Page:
Grasping for power is one of the easiest sins to fall into. At first it looks like ambition, then it looks like success, and then it quickly becomes about your success and your power. This can be costly—not just to you, but to all the people you hurt in the process. If anything is done for the purpose of power, it’s not worth achieving. And don’t let the snazzy word “influence” fool you; it’s just a synonym for the same empty desire.
John the Baptist is an example of ambition; he is fueled by passion but constantly checked by God’s calling. He is firm in his words, confident in what he must do, but humble in his understanding of his relationship to God. He is not in it for himself, but for Jesus. When asked, “Who are you?” (a leading question, since many believed him to be the Messiah the people expected), he replied, “I am not the Christ!” (John 1:19–20). When further questioned, “Then who are you? Are you Elijah?” (the supreme prophet besides the Messiah), he says, “No!” (John 1:21). When asked again about his identity, he finally responds, “I am the ‘voice of one crying in the wilderness, “Make straight the way of the Lord,” ’ just as Isaiah the prophet said” (John 1:23).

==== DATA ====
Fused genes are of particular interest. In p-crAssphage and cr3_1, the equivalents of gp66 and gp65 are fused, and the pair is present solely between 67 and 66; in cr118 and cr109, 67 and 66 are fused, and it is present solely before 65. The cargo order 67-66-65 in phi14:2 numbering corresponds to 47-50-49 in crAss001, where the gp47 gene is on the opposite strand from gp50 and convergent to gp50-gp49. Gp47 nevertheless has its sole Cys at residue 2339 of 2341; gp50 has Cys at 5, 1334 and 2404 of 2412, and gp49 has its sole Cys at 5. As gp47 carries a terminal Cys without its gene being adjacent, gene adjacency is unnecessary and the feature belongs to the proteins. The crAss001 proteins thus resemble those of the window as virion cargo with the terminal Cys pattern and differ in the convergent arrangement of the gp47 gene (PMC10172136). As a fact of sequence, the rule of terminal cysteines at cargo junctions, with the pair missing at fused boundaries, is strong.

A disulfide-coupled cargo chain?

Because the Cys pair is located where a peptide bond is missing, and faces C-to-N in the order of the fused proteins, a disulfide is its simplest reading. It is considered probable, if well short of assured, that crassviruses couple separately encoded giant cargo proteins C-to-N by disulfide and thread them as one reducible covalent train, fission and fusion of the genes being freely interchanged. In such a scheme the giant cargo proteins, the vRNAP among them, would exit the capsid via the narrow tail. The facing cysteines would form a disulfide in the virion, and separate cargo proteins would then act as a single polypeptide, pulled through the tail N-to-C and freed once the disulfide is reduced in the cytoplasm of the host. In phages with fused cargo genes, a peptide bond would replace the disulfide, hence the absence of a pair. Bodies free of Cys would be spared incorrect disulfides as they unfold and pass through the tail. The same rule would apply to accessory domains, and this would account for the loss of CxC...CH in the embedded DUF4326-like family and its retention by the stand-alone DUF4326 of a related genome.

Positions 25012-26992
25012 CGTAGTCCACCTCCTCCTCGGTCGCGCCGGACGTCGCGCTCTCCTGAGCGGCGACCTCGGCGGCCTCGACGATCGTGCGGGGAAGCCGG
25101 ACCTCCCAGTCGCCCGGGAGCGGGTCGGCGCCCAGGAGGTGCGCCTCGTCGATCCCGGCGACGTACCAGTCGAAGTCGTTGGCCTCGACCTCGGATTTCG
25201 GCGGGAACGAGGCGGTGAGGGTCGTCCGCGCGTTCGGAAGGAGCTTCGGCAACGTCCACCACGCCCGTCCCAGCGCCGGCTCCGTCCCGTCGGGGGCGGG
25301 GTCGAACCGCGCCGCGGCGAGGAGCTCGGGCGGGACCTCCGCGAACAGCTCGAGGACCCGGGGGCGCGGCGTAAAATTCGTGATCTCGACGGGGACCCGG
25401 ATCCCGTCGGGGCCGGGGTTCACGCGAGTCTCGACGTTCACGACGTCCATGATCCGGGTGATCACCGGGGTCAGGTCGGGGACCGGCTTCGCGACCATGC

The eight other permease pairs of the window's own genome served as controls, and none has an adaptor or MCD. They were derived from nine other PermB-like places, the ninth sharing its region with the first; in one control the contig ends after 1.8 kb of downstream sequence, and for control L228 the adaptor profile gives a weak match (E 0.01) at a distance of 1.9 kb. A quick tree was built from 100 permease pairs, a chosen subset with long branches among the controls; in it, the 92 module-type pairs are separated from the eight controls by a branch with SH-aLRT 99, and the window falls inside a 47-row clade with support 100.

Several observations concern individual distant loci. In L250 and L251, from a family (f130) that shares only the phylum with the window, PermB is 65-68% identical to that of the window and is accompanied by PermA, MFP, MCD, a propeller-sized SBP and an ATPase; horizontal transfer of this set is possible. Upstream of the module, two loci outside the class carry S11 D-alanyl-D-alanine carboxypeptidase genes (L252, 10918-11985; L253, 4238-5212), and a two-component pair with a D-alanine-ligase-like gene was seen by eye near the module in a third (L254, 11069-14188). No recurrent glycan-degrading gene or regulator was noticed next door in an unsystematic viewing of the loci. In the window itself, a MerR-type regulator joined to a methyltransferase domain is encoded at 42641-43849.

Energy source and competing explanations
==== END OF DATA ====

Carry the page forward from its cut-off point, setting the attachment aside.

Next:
John affirmed his identity as prophet, but he assumed nothing. He didn’t even assume what ended up being the truth: that he was a type of Elijah, as Jesus would later say (Matthew 17:12–13). When given the opportunity to reach for power, to be known as the Messiah, John said no. He would not claim authority that had not been given to him.
And this is where affirmation can be a scary thing. Just because other people think you’re something special doesn’t mean you should go along with what they say about you. Doing so is dangerous. John the Baptist’s humility sets the stage for Jesus, and he ends up getting one of the greatest gifts of all: the chance to baptize Jesus.
The road between affirming God’s calling and grasping for power is narrow and rocky. But when you’re on the right path, you will feel it in your bones, and the Spirit of God will affirm it.
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